Also, be aware! The Home Office will also question whether the funds have been provided solely for the purpose of the visa, meaning if you’ve loaned the money from someone else simply to obtain the visa then there is a risk of refusal on these grounds.
Financial Reason C: Funds are not ‘genuinely available for your exclusive use’
What this means is that the funds must be readily accessible to you, and only you. You should be able to access the funds from your own bank account.
Financial Reason D: You must have ‘sufficient funds available without working or accessing public funds’
This reason points to a key fact about Visitor Visas: if you have applied and been accepted for a Visitor Visa, you are not permitted to work and earn money in the UK.Why does the Home Office place such an emphasis on finances when considering Visitor Visas? Well, in part it’s because they need to be convinced that you have the financial capability to deal with unexpected events that may happen while you are visiting the UK.
Perhaps you have lost your mobile phone, and need to buy a new one to contact friends and family back home. Or, imagine you’ve become ill on your visit and need to go to the hospital for treatment. The Home Office needs to be convinced that you’ll be able to pay for this treatment immediately from your own funds. (You are unable to access free medical treatment in the UK if you are here on a Visitor Visa.)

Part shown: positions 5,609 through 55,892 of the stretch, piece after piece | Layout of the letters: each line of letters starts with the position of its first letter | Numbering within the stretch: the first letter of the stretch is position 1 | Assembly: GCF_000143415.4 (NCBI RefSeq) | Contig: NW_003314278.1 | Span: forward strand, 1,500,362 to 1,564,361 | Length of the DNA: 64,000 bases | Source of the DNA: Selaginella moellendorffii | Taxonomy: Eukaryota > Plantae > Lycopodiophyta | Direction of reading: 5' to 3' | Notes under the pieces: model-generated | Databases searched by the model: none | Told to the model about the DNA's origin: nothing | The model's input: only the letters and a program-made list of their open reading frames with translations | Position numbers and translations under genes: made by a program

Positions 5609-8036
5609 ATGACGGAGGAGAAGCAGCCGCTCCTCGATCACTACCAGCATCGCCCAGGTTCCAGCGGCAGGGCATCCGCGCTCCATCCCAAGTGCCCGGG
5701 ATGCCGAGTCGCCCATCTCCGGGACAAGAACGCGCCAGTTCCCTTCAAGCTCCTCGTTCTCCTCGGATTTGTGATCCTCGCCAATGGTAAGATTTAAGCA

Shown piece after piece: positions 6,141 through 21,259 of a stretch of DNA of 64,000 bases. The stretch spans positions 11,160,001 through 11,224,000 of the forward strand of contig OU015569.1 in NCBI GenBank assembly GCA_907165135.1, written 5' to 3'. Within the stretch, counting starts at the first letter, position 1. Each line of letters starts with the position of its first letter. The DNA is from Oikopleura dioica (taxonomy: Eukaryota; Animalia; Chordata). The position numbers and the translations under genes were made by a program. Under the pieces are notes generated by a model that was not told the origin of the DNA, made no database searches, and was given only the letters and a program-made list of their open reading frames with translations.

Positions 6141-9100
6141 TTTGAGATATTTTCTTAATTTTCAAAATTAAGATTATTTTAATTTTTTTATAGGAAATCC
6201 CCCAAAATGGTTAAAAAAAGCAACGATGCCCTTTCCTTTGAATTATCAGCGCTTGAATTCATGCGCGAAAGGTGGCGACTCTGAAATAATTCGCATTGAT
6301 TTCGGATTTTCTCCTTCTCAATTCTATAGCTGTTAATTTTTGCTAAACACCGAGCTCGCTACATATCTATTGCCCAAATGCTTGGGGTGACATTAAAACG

2. Strength of ties to the UK
Leaving financial reasons behind, the next most common reason for refusal is having overly strong ties to the UK, compared to your country of origin.
This is particularly important for those who are looking to bring family or friends to the UK to visit. The Home Office want to make sure that there are intentions to leave the UK and that people visiting the UK are genuine visitors (Appendix V 4.2).
If you have stronger connections to the UK than your home country, this may become an issue.
Unfortunately, it is not as simple as showing that your parents, siblings, partner, cousins, aunts, uncles and children live in your home country as (to the Home Office) that may not provide enough evidence that you will return home after your trip.